Figure 3. Evolution of relative well-being for Φ=0, shown in the conspicuous-inconspicuous well-being plane. In the figure at left, circles show successive snapshots of the population’s average conspicuous/inconspicuous well-being over time. Circles in this figure correspond to the circles in Figure 2. The smaller asterisks in this figure show corresponding snapshots when the turnover probability is set to 0.10. The figure at right shows a scatterplot of the distribution of agents’ conspicuous and inconspicuous relative well-beings at time t=50. In both figures, the solid black lines indicate lines of constant relative well-being, while the dotted lines indicate lines of constant anticipated relative well-being.

The diagram on the right of Figure 3 shows the distributions of agents’ relative well-being at time t=50, for different values of k. The distributions are typical for other times as well. The slopes of the distributions correspond exactly to the corresponding values of k, which reflects the fact that Φ=0 so that there is a precise linear tradeoff between conspicuous/inconspicuous well-being for new lifestyle choices. By looking at the dotted "yard lines", we can see that when k<1+q, the agents with higher conspicuous index values also have higher anticipated well-being. As a result, there is a net pressure on the population towards increasing the conspicuous index. On the other hand, when k>1+q the pressure is in the other direction, towards increasing inconspicuous index. When k=1+q, there is no strong pressure either way.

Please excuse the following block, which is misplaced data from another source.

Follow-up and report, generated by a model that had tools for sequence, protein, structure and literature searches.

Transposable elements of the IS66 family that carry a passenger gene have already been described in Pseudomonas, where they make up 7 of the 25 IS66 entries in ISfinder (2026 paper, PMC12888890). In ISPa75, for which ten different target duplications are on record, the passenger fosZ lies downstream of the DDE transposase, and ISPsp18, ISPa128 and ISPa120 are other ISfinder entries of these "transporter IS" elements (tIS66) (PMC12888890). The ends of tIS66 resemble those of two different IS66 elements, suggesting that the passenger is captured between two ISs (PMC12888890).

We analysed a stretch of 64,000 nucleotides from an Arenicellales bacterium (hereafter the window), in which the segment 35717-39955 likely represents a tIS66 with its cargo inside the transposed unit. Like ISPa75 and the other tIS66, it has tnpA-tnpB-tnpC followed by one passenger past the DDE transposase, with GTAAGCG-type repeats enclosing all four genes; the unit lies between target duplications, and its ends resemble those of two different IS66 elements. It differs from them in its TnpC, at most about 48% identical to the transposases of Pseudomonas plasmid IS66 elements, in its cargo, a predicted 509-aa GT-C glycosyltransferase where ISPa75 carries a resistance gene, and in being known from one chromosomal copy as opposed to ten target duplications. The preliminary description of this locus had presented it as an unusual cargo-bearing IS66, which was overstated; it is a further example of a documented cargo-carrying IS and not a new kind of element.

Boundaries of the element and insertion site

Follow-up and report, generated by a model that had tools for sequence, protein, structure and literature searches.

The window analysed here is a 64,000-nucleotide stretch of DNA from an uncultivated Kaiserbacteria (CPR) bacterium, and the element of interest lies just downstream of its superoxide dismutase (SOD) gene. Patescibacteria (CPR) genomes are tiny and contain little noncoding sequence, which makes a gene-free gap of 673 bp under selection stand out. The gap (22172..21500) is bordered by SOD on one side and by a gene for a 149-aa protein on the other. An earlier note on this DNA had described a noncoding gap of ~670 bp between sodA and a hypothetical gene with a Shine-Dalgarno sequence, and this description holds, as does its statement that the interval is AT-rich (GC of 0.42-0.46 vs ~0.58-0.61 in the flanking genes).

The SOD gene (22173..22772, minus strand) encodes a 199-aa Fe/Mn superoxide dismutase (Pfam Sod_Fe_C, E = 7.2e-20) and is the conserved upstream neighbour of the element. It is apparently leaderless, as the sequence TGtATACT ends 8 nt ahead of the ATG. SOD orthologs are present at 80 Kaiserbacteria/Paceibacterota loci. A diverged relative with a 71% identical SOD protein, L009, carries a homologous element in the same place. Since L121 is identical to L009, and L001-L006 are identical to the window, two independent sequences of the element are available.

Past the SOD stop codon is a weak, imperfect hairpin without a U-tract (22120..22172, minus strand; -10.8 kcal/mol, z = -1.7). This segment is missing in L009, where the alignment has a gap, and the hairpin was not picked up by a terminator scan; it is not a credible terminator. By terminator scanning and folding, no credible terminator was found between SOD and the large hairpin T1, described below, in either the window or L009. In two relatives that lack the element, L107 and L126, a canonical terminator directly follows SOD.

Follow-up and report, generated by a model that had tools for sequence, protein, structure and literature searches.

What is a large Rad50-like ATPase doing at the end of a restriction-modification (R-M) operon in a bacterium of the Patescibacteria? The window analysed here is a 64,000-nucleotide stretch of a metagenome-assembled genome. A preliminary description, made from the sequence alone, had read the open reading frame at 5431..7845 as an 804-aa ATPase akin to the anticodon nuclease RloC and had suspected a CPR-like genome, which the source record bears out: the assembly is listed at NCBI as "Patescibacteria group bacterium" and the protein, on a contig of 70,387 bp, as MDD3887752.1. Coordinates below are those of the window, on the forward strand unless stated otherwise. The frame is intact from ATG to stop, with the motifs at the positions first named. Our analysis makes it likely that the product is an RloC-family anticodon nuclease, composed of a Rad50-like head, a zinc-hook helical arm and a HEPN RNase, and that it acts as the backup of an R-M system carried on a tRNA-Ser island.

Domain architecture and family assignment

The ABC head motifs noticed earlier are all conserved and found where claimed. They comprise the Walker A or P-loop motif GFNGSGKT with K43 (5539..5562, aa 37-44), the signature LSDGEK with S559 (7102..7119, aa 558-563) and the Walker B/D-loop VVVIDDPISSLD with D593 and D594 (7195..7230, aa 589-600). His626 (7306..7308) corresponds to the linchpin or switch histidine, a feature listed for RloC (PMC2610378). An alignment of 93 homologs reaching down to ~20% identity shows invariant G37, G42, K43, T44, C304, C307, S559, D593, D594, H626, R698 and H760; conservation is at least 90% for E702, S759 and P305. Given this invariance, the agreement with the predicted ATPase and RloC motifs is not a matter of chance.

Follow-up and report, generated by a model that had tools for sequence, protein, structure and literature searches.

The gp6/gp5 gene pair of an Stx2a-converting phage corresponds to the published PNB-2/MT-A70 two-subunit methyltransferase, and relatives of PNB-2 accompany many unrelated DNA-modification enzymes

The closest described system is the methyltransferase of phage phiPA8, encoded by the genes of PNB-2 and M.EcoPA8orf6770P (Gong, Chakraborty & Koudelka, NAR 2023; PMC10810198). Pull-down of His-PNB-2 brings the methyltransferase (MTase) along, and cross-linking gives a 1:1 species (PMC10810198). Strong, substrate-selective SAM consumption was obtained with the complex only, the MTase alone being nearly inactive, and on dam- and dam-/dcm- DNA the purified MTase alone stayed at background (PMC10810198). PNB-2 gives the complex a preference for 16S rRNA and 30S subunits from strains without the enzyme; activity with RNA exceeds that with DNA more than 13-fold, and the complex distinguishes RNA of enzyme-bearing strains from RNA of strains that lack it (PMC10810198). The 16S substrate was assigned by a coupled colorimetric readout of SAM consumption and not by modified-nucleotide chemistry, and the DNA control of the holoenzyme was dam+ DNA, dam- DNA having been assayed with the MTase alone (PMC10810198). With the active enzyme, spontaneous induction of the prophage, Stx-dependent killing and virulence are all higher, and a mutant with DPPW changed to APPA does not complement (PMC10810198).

In summary, we have seen that in most cases agents do tend to improve their own actual well-being, except in the case where the tradeoff rate exceeds 1 but is dominated by the overvaluation rate (1<k<1+q). In this case, agents’ imbalanced judgment leads them to increase their conspicuous relative well-being, at the expense of their relative well-being. Figure 3 displays the mechanism which drives these changes.

In the above figures we kept q fixed and varied k, and showed that the system behavior depends on the relative sizes of q and k. If we fix k and vary q, we find that changing q has little effect as long as the size relationship between k and 1+q is preserved.

Behavior with nonzero covariance factor

When the covariance factor Φ becomes positive the situation changes radically, as shown in Figure 4. Note the time scale has been expanded compared to Figure 2 to show the changing rates of variation over time. In this case, during an initial period there is an increase in relative well-being, regardless of tradeoff rate. This initial period can be explained as the result of a sudden diversification of lifestyle choices within the society. Such a situation might arise as a result of sudden economic liberalization, such as occurred in China in the 1980’s. However, such "euphoric" periods should be expected to be rare in societies where free economic choice is a given.

Following the initial period of equilibration, for all values of k>1 there is a steady decrease in relative well-being. When the turnover probability is positive, large decreases in relative well-being are obtained, especially for larger values of k. This is markedly different from the Φ=0 case, in which a nonzero turnover probability had only a minor effect.